Monday, June 04, 2018

A Masterpiece Cakeshop Puzzle?

Mark Tushnet

According to Justice Kennedy in Masterpiece Cakeshop, the baker was "entitled to ... neutral and respectful consideration of his claims." But, in light of Smith, why? Consider a hypothetical opinion  by the Colorado Commission that said, "We are deeply sympathetic to your claims, but -- in our view unfortunately -- the Colorado legislature has denied us the power to make an exception from the general rule that all business owners may not discriminate, and Smith informs us that such a blanket rule is constitutionally permissible." Now suppose that one member of the Commission adds a separate opinion saying, "I disagree with my colleagues on that point. I am not at all sympathetic to your claims, and I am quite happy that the Colorado legislature has denied us the power to make an exception." I don't think that such a statement could possibly override Smith's applicability.

So, it seems to me, Justice Kennedy is (implicitly) assuming that the Commission has the power, under Colorado law, to make a discretionary exception to the otherwise general law. But then, it's not quite right to say that the Commission has to give the baker's claim (merely) "respectful consideration." Rather, under the rationale the Smith Court used to preserve the holdings in the unemployment compensation cases, the Commission would have to employ a Sherbert v. Verner-like test, which -- I think -- places a thumb on the scales in favor of the claimant. It's in this sense that Rick Hills's suggestion that Masterpiece Cakeshop might represent "the fraying of Smith" makes some sense -- except for the possibility that state anti discrimination commissions might say, "No, our state's law is truly general, and does not allow us to make discretionary exceptions."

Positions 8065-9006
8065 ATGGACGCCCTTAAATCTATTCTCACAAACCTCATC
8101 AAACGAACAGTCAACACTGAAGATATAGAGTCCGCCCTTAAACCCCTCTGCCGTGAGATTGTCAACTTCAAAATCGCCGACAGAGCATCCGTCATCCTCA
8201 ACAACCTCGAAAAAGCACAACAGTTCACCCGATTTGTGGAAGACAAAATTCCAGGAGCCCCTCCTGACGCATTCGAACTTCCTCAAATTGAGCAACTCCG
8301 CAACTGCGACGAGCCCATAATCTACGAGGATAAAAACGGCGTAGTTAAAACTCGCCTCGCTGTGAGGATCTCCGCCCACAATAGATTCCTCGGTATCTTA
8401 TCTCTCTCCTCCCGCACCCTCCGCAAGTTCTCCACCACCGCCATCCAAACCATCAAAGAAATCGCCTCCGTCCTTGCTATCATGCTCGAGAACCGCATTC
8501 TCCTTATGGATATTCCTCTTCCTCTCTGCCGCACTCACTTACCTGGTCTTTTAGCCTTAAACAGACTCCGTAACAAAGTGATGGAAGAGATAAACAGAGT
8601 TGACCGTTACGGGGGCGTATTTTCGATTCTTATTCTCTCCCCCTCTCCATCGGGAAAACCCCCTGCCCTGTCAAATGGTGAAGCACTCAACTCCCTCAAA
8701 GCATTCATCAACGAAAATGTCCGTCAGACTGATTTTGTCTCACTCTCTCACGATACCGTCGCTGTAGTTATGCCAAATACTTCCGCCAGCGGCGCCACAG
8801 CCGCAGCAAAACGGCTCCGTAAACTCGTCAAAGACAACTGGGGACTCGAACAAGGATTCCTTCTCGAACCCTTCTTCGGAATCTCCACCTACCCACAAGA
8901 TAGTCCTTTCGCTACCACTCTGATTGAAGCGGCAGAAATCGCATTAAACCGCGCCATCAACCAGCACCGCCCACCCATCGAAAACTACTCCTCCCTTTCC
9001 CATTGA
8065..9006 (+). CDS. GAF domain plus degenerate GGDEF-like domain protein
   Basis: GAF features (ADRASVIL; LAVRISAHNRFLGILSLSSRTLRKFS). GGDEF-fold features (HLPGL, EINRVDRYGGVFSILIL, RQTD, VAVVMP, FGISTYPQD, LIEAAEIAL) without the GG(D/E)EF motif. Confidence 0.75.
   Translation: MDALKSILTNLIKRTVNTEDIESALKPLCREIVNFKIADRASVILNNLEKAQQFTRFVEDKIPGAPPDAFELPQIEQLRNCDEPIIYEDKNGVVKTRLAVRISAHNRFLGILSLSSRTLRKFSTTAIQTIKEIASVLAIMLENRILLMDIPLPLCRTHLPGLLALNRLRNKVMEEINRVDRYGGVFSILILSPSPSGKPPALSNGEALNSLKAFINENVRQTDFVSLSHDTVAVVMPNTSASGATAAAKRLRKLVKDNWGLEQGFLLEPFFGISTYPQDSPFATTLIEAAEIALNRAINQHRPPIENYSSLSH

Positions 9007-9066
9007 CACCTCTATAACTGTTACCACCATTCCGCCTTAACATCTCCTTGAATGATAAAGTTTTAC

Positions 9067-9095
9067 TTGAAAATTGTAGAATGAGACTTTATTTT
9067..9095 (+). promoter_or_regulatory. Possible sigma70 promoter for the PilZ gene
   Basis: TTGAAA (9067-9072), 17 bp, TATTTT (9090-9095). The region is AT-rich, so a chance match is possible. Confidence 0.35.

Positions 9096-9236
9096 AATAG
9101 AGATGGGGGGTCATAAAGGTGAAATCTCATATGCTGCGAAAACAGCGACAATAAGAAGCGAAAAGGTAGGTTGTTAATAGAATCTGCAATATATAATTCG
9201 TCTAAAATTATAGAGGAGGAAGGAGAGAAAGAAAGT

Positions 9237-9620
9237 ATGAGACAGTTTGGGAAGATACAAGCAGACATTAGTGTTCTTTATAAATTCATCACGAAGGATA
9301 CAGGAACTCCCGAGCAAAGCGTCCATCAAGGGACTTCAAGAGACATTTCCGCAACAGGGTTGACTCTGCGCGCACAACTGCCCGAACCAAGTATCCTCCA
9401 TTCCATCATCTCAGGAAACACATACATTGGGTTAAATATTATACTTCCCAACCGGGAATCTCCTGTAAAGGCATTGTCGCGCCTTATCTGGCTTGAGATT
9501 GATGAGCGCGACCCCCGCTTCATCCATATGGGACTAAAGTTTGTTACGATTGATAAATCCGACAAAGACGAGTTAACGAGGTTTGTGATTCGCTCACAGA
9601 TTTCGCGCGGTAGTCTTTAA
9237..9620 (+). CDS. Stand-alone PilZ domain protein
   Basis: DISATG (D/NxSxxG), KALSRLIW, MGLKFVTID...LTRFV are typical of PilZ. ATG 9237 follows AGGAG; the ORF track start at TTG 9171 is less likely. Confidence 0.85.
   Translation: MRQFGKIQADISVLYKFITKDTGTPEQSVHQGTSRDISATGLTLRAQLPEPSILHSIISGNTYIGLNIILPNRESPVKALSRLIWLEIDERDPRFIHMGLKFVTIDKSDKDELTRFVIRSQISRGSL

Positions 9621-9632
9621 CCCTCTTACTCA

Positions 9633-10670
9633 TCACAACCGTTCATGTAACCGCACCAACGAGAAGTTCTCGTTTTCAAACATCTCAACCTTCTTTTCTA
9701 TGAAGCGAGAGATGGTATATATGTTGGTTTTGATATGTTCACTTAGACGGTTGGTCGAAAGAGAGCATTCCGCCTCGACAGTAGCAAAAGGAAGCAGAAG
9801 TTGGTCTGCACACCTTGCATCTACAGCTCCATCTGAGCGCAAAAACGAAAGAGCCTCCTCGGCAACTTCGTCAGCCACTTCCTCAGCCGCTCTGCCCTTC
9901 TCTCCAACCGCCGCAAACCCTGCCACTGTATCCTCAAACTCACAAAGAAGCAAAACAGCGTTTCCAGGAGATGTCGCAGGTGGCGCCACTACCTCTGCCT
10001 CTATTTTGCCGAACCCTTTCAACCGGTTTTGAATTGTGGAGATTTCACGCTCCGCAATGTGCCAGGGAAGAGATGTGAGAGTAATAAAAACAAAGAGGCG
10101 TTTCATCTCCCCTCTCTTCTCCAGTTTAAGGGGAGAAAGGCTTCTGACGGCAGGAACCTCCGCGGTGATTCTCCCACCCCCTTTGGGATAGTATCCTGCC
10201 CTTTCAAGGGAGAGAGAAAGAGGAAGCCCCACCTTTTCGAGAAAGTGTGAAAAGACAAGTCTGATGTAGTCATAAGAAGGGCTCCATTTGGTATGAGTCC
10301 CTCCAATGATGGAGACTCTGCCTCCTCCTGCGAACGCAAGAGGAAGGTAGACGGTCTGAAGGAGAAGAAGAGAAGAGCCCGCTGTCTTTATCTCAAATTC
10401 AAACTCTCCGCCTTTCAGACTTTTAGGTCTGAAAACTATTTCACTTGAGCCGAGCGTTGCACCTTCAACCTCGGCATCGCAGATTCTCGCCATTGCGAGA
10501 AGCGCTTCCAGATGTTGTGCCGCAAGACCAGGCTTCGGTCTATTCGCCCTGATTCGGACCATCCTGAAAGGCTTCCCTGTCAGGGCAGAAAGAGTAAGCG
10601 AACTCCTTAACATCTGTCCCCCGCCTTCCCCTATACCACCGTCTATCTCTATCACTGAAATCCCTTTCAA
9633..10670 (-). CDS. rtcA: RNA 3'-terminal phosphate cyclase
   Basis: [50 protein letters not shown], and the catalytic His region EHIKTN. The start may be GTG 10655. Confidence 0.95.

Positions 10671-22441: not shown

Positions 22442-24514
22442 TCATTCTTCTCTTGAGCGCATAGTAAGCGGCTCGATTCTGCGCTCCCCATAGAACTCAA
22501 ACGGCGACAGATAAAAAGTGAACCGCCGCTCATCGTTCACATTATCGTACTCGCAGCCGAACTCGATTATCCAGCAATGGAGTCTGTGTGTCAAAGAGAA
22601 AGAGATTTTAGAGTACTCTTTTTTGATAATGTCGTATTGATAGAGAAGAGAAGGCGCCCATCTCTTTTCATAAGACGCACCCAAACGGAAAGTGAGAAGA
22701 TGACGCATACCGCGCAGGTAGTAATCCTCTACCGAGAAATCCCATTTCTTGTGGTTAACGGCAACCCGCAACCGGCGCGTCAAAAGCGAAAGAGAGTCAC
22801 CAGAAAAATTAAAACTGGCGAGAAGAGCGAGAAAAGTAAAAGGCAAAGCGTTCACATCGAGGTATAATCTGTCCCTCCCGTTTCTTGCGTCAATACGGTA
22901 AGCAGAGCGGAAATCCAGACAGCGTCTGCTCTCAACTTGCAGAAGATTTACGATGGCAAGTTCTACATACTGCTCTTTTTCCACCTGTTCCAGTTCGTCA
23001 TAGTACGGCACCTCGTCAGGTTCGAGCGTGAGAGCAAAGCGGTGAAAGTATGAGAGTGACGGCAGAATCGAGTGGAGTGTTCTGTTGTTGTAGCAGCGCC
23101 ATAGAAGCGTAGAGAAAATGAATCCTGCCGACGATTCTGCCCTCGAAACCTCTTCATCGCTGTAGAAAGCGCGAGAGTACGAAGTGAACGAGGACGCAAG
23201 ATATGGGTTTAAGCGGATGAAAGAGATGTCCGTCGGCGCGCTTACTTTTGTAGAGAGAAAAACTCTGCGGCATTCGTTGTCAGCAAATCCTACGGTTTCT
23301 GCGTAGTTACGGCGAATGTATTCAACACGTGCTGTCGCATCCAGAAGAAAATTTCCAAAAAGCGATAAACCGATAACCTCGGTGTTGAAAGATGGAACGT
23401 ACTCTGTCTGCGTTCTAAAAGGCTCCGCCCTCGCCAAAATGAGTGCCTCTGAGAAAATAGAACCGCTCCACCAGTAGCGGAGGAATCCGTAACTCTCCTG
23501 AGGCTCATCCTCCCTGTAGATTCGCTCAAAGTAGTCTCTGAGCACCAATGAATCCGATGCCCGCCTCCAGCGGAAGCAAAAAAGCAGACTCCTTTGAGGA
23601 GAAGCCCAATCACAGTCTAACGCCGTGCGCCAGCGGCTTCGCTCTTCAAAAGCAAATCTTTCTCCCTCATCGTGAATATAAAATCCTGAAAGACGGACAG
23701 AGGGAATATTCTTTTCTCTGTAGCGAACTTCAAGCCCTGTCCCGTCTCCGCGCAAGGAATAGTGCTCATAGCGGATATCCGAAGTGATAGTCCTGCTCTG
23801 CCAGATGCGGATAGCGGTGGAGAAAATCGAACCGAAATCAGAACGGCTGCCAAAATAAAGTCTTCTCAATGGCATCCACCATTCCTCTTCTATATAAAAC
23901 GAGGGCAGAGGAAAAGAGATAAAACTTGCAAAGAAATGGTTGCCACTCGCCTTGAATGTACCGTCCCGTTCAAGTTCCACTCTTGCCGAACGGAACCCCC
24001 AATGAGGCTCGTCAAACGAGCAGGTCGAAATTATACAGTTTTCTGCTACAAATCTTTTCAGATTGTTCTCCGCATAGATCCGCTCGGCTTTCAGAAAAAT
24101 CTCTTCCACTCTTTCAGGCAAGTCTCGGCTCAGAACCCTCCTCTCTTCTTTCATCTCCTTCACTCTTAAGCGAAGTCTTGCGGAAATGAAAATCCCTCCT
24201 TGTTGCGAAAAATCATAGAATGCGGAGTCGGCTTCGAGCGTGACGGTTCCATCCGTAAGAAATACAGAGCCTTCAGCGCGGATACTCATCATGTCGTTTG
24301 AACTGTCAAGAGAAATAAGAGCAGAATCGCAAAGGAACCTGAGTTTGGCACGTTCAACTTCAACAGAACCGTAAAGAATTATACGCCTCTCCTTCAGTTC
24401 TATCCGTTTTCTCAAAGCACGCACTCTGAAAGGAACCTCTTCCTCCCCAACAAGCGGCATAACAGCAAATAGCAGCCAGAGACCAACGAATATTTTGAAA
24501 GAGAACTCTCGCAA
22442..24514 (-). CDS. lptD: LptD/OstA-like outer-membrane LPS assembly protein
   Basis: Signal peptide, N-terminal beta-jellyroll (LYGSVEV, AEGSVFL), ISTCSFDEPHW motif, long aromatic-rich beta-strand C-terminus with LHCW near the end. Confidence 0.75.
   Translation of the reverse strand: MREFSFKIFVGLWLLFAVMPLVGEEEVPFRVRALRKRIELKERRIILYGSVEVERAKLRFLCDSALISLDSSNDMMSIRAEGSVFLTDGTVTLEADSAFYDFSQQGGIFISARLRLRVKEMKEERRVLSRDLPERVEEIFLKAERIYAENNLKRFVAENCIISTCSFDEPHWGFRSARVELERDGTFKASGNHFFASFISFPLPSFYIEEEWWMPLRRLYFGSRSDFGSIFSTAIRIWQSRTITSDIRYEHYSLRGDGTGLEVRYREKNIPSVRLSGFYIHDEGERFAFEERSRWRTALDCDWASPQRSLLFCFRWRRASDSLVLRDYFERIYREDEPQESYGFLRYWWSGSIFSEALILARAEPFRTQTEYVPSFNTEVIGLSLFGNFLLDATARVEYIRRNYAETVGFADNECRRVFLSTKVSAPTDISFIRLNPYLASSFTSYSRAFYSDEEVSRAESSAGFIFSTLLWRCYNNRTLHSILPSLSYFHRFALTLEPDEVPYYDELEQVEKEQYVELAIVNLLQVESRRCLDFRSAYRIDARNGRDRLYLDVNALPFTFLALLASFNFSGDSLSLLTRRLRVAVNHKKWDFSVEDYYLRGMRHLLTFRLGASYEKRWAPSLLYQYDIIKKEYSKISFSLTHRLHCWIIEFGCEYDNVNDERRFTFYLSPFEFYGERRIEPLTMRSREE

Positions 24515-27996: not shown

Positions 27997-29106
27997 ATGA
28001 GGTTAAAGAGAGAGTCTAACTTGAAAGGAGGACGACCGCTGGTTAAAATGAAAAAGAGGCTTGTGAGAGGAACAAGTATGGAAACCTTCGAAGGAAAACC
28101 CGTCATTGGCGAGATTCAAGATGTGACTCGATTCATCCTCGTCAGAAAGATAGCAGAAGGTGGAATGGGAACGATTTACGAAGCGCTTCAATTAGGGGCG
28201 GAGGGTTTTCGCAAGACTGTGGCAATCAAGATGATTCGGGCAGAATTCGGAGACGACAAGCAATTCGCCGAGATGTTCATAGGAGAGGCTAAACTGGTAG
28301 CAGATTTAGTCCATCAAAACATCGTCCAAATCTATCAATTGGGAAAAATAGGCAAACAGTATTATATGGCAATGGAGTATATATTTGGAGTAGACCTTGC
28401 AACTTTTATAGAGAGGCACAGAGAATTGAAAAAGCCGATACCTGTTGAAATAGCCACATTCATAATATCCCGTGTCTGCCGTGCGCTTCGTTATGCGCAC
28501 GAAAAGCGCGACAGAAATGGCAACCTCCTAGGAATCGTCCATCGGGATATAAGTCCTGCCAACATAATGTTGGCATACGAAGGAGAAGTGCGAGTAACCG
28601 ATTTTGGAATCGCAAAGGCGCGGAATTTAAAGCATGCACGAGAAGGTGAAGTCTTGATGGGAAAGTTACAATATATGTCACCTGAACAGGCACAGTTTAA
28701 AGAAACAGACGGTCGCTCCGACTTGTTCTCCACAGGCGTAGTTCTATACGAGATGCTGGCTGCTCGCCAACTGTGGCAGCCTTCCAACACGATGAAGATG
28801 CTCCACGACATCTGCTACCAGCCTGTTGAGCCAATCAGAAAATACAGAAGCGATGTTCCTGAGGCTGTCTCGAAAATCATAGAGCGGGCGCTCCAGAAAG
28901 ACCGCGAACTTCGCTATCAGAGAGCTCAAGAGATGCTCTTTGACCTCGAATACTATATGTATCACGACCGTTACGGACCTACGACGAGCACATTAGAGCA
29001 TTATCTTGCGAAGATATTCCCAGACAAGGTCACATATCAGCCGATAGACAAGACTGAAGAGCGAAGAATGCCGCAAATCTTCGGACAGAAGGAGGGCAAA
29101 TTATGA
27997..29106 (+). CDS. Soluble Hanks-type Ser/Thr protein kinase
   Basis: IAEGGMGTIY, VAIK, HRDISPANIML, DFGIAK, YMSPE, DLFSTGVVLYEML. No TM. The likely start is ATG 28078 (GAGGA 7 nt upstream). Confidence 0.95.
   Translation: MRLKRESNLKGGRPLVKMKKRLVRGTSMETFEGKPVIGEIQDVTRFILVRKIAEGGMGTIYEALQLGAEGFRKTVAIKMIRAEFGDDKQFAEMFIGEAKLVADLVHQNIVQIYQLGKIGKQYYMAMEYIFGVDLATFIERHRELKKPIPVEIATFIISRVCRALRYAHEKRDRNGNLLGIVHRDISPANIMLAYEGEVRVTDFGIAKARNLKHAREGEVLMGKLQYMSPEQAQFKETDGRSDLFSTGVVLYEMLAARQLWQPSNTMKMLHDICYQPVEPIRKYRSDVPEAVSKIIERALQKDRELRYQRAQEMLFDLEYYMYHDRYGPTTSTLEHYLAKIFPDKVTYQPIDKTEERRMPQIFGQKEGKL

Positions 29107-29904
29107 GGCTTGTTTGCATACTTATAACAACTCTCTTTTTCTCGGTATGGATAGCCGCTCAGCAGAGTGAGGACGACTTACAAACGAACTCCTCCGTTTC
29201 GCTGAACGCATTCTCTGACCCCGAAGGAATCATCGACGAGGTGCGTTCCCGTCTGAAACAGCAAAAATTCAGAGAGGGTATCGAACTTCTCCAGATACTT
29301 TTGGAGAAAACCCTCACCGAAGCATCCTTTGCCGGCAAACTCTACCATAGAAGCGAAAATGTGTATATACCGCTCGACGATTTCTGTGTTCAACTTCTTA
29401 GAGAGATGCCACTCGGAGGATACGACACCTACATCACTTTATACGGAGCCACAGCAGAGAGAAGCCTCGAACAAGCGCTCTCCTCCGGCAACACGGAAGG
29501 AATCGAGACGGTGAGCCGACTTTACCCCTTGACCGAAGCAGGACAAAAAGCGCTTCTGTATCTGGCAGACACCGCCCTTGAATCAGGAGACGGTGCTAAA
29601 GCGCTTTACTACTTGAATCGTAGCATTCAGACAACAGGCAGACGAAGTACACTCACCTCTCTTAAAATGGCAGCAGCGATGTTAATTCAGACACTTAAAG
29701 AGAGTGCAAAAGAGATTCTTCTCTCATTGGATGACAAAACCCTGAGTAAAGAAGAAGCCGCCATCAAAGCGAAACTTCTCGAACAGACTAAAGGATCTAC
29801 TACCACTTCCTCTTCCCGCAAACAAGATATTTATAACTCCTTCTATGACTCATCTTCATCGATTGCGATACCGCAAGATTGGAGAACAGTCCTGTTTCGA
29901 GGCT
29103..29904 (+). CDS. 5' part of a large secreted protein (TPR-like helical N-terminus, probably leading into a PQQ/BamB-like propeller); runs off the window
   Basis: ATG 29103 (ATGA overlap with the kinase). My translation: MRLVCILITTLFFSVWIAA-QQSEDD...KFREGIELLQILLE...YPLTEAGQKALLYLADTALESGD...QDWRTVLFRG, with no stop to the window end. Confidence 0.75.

Some additional observations: (1) That the interpretation of Colorado's law is implicit is pretty striking (if my analysis is correct), and probably does suggest, as Hills implies, that many Justices don't take Smith all that seriously, (2) Even if the outcome is an effort to confine the result pretty narrowly, one might have hoped for a bit more rigor in the opinion. (3) But then, no one really thinks that Justice Kennedy is a rigorous legal analyst -- he just happens to be the justice who sits in the middle of theCourt's spectrum, so his gauzy thinking becomes our constitutional law.

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